Twitter has told the US Congress that 22 of the false accounts found match that of 470 who sold more than 3,000 ads on Facebook.

Twitter has appeared on Thursday 28 September in front of the US Congress to say that Russia would have used 200 false accounts to disseminate information on the social network during the campaign of the presidential elections of 2016.

Of these 200 accounts, 22 match the 470 found by Facebook. In its case, the social network found more than 3,000 political announcements linked to these accounts, which will be shared with the United States Congress.

Russia used 200 fake accounts to spread information on Twitter

Twitter claimed that the 200 fake profiles allegedly linked to the Kremlin were not identified as advertisers, and that most were shortly blocked for violating spam standards. The company announced in a statement that it will continue to avoid tampering attempts “including automated malicious accounts and spam, as well as other activities that violate our terms of service.”

At the meeting with the House of Representatives, Twitter’s public policy vice president Colin Crowell also provided copies of the tweets that were sponsored by Russia Today (RT) news channel. According to Twitter, the Kremlin-backed media spent more than $ 270,000 on US ads in 2016, although their social network accounts are not among the 200 identified as fake.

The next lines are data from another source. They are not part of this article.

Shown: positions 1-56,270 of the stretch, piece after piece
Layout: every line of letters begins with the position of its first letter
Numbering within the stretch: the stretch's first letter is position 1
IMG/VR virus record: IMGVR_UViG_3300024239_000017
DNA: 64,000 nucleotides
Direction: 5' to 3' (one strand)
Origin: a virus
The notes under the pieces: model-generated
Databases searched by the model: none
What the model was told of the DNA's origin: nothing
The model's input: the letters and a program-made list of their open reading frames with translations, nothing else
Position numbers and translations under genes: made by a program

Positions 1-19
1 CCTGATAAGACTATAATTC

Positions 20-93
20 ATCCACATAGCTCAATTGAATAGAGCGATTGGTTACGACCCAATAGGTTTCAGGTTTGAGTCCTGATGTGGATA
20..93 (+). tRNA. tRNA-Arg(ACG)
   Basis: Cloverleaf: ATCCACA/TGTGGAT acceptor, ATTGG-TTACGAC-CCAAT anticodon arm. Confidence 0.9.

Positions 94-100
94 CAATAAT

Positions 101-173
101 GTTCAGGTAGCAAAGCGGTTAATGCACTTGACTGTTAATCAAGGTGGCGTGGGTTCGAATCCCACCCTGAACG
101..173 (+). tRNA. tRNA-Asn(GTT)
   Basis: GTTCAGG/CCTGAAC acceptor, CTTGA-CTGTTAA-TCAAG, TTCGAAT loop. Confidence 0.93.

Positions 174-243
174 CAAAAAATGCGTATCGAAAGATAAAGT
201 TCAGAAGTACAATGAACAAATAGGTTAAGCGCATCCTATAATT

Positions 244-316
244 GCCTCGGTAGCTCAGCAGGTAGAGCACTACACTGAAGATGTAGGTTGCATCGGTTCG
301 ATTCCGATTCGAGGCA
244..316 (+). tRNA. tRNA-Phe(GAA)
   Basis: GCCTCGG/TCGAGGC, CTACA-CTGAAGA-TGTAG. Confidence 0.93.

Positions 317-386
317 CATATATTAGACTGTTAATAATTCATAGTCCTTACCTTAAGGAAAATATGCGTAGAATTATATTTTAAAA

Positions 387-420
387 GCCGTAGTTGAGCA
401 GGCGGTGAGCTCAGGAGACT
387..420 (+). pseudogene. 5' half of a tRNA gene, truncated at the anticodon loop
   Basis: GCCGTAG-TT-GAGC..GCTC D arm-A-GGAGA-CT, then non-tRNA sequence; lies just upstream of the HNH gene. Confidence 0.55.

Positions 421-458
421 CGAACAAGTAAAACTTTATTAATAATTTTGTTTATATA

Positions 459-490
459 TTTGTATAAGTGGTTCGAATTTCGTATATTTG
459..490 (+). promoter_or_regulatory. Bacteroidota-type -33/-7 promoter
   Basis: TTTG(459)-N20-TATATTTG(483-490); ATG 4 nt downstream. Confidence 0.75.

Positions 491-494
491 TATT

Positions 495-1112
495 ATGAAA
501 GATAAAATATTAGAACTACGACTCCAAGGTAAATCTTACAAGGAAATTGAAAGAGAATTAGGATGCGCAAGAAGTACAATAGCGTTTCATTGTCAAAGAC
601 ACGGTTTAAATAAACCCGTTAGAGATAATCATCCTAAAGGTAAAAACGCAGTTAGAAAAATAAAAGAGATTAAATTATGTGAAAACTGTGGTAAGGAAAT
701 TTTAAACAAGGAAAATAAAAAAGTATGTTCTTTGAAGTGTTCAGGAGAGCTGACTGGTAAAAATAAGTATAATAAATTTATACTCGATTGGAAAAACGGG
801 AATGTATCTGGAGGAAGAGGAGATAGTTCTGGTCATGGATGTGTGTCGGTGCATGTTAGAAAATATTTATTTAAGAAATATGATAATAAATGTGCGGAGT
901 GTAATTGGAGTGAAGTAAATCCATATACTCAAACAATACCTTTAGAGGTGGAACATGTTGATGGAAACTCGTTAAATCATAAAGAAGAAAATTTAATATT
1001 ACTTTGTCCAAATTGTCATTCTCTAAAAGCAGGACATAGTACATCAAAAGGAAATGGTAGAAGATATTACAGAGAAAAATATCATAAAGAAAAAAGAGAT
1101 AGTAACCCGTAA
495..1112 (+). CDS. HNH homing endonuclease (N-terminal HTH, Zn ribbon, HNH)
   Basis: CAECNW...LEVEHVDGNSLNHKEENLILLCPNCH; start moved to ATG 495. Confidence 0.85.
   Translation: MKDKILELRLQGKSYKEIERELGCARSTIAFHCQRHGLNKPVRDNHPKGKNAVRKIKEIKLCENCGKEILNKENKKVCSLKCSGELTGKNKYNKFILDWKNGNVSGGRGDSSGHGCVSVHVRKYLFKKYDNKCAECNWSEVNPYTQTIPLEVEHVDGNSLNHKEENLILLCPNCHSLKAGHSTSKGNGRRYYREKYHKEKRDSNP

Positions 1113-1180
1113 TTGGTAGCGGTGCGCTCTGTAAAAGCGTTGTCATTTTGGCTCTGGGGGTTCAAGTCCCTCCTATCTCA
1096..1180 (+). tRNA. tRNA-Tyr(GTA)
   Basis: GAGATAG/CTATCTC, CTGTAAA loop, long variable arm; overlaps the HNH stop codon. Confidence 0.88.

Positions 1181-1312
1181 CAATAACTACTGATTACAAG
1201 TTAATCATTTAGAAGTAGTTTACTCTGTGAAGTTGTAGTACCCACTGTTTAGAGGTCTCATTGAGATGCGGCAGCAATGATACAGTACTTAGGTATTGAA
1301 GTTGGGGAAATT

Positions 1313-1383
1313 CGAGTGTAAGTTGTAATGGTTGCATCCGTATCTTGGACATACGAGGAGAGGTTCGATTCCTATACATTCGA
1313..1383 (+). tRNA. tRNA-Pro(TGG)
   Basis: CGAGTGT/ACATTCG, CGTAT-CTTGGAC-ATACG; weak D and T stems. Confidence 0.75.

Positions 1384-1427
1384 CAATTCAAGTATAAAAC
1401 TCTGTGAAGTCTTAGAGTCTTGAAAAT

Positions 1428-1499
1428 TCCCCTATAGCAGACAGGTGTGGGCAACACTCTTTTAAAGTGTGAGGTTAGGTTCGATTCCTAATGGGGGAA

Twitter stressed that they are still struggling to avoid bots or false accounts as allegedly has happened to Russia and pretend that this process is transparent to users:

We will do our best to keep you informed of both our findings on these specific issues and, more broadly, our efforts to combat bots, spam and malicious information networks on Twitter.

According to the social network, its automated systems have managed to identify more than 3.2 million suspicious accounts per week, more than double that of last year.

Twitter’s statement at the Congress came a day after the Senate Intelligence Committee invited Google, Facebook and Twitter to attend a session to get more information about the alleged Russian interference in the presidential election that gave the victory to Donald Trump in November 2016.